Fig. 12
(a)(d). The current responses and the speed responses coincided.
Table II
shows a comparison of the speed response between the PI control and the proposed method.
(a) Speed step response with Kp=174Hz under PI control. (b) Speed step response with Kp=174Hz under proposed method. (c) Speed step response with K_{p}=260Hz under PI control. (d) Speed step response under the proposed method Kp=260Hz.
(a) Speed step response with Kp=420Hz under the PI control. (b) Speed step response with Kp=420Hz under the proposed method.
(a) Current response with Kp=260Hz under PI control. (b) Current response under proposed method Kp=260Hz. (c) Current response with Kp=420Hz under PI control. (d) Current response under proposed control Kp=420Hz.
COMPARISON UNDER PI CONTROL AND PROPOSED METHOD
COMPARISON UNDER PI CONTROL AND PROPOSED METHOD
From
Table II
it can be seen that the performance of the PI controller becomes worse as Kp increases, while the proposed method still has good features when Kp is high. Compared with the simulation results, the same trends are seen. The overshoot of the speed responses with the proposed method is reduced by two times compared with the corresponding results of the PI controller in the simulation and experiments. In
Fig. 11
(a) and
Fig. 12
(c), it can be seen that the speed and current responses vibrates for a long time just like those in the simulation in
Fig. 7
(d)(e). However, by using the proposed method, the vibration time is reduced remarkably. The simulation results in
Fig. 7
(d) vibrated for 12 periods under the proposed method which is basically same as the experimental results in
Fig. 11
(b). Additionally,
Fig. 13
(a)(b)
13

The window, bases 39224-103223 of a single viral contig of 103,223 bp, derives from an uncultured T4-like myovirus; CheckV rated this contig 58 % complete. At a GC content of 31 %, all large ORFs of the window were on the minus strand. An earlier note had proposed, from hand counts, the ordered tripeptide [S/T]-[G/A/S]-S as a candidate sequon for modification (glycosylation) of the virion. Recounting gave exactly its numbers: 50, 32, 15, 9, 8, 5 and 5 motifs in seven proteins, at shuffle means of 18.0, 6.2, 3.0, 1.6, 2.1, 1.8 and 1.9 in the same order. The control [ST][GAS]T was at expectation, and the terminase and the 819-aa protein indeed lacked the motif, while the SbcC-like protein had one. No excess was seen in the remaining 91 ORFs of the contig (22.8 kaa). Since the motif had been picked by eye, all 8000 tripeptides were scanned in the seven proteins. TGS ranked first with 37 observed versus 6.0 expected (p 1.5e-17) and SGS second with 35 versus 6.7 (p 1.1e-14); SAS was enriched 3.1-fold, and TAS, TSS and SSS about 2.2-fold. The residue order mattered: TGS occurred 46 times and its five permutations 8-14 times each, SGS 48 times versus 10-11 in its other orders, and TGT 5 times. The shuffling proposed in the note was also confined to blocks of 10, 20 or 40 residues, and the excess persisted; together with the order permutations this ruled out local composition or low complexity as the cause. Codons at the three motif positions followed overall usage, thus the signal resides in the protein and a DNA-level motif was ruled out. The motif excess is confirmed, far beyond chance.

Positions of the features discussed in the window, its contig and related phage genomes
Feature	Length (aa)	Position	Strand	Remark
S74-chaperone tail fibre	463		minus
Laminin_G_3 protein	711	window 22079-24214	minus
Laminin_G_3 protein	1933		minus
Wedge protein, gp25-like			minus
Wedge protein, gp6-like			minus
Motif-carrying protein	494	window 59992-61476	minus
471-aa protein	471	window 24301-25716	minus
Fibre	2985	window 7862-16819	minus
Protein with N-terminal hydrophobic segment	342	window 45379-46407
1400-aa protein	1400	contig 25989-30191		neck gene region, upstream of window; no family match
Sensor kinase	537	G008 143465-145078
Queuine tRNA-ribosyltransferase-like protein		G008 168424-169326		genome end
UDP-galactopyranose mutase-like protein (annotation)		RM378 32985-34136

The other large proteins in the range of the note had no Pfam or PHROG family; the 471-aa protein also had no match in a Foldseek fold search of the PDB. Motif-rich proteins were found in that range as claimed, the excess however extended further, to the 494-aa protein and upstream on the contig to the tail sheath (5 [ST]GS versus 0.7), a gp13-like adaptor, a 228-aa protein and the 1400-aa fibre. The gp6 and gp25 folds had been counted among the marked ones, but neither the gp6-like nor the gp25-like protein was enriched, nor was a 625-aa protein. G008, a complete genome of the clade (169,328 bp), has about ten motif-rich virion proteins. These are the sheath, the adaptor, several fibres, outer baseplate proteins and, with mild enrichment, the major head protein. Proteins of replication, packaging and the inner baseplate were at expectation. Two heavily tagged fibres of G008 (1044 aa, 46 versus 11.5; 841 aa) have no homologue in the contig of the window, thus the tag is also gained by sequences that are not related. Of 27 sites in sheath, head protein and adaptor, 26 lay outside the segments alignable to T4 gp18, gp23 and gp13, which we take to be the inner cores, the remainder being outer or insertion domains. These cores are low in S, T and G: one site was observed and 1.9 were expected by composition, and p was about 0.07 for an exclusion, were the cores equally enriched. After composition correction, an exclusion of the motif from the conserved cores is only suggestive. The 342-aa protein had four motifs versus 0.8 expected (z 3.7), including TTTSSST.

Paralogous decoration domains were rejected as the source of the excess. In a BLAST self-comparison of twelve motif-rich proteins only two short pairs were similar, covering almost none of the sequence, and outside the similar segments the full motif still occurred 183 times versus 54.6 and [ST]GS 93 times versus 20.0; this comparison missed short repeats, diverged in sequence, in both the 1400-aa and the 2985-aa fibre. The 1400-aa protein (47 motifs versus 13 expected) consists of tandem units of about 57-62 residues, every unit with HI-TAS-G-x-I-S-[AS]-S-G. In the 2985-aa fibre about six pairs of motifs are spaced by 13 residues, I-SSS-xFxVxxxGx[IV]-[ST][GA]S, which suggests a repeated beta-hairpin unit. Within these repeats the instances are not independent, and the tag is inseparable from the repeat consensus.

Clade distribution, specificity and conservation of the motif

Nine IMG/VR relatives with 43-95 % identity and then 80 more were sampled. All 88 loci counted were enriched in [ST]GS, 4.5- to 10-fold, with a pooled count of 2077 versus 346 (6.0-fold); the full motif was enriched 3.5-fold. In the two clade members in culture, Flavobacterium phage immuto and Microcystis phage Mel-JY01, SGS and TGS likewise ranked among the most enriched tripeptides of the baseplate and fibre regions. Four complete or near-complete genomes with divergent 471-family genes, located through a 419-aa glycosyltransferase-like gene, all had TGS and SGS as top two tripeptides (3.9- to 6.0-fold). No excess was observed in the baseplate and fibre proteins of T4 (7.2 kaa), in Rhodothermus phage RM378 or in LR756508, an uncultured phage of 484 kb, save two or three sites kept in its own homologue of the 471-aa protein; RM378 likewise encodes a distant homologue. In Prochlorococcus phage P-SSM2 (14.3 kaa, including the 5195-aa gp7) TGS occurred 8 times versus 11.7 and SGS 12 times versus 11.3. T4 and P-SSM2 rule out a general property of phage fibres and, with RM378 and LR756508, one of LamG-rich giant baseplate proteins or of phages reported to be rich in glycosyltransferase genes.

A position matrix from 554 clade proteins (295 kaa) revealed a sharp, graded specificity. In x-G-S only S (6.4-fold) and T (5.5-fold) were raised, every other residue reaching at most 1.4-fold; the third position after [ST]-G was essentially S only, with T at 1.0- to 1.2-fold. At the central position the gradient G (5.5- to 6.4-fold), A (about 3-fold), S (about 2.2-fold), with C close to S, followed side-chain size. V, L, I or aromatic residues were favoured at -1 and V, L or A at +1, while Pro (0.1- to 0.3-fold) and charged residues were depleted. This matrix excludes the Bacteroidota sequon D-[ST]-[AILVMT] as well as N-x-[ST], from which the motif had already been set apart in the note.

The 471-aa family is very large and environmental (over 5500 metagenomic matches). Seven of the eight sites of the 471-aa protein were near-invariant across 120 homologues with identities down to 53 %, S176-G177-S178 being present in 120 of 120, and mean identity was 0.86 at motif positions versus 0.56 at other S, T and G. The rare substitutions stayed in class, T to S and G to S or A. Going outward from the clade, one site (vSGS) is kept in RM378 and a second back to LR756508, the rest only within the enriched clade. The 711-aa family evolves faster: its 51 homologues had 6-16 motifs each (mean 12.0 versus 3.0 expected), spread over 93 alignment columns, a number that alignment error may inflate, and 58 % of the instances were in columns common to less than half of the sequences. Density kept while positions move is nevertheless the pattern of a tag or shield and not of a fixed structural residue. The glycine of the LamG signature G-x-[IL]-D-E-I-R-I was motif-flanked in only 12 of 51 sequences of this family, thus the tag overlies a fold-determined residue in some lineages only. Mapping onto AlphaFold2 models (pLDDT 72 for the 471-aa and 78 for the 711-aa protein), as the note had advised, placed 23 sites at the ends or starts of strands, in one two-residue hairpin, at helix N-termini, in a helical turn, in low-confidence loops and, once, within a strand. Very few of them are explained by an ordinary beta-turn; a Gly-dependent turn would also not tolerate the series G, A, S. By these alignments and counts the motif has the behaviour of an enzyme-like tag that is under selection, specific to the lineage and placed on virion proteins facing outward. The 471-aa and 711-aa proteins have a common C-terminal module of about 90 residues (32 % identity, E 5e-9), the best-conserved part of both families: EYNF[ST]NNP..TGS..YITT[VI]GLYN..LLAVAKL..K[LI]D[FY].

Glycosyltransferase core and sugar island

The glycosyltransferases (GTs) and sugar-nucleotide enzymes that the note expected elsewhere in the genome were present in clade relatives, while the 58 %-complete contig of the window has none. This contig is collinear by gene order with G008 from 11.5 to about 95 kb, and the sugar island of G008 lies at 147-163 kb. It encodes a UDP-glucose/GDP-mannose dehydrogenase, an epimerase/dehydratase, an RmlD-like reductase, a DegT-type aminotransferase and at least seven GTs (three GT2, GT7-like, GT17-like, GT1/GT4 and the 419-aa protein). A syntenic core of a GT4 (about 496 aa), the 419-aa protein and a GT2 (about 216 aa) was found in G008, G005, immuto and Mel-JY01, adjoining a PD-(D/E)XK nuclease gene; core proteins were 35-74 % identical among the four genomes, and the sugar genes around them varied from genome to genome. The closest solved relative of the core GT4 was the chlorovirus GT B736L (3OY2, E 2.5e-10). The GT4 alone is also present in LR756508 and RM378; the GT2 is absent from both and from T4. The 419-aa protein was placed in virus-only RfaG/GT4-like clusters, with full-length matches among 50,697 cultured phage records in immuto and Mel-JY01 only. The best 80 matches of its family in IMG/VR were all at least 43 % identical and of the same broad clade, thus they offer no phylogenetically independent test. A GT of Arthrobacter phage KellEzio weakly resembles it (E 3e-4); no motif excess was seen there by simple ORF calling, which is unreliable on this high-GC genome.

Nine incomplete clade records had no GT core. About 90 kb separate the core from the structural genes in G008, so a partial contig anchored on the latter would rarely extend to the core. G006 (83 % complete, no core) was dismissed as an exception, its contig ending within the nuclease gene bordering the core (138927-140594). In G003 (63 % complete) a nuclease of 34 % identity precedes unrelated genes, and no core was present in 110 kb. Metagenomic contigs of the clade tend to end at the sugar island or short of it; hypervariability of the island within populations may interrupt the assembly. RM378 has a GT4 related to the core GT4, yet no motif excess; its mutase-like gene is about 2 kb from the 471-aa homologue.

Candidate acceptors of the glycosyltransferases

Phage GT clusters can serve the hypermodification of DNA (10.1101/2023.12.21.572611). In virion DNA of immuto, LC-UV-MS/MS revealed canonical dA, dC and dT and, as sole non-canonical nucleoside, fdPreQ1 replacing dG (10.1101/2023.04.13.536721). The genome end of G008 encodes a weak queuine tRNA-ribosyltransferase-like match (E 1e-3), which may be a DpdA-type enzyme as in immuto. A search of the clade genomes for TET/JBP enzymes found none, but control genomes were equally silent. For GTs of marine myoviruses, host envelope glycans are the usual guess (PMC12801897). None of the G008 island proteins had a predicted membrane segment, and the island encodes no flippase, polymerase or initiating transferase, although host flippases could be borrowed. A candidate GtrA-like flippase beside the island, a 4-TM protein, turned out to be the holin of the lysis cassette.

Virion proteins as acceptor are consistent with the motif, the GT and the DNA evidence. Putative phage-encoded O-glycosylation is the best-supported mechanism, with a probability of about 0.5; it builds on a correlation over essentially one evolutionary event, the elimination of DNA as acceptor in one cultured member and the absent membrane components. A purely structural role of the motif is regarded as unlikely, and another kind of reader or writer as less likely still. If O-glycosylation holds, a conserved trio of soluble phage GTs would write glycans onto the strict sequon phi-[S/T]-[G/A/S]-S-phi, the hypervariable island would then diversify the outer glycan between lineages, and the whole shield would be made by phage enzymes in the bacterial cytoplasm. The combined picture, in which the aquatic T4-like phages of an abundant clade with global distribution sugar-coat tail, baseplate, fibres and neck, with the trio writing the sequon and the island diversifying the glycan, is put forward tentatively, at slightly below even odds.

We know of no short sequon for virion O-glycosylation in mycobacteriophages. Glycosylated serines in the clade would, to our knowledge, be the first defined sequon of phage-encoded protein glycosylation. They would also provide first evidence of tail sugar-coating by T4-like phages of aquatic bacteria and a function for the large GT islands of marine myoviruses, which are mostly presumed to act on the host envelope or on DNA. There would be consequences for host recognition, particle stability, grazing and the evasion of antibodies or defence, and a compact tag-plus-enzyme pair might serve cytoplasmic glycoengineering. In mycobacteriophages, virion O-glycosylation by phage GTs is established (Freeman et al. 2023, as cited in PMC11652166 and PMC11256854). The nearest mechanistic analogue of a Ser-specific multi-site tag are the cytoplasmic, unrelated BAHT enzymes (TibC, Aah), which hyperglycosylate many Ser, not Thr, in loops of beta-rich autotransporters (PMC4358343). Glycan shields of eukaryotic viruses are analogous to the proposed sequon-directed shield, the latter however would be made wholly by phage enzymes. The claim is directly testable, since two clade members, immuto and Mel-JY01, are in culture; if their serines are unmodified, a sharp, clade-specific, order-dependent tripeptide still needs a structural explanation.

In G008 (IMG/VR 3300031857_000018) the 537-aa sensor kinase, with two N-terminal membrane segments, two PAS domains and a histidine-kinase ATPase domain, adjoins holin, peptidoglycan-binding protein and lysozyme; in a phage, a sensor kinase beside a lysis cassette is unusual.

(a), it can be seen that speed vibrations happen because of disturbances. In addition, the vibration frequency is the same as the speed step response in
Fig. 11
(a). However, under the proposed method, the vibration is suppressed in
Fig. 13
b. This is also consistent with the bode diagram of the transfer function between the disturbance in the motor speed in
Fig. 6
b. Actually, the load disturbance may cause speed vibrations. However, this does not change the resonance frequency if Kp is invariable. The analysis in section II.C also shows the relative parameters which affects the oscillation frequency. Therefore, if the speed oscillation frequency is detected accurately, the proposed method is effective even if the load disturbance is variable. To verify this, a variable disturbance torque based on the previous disturbance experiment was added.
Fig. 14
shows the speed response result. It can be see that although the speed has some fluctuations, the resonance induced by the high Kp is suppressed. In conclusion, through the experimental results, it can be seen that the corresponding characteristics of the PI control and the proposed method are consistent with the simulation performance. It can also be seen that the proposed method is efficient in terms of vibration suppression which is induced by improving the Kp. It also performs well under disturbances.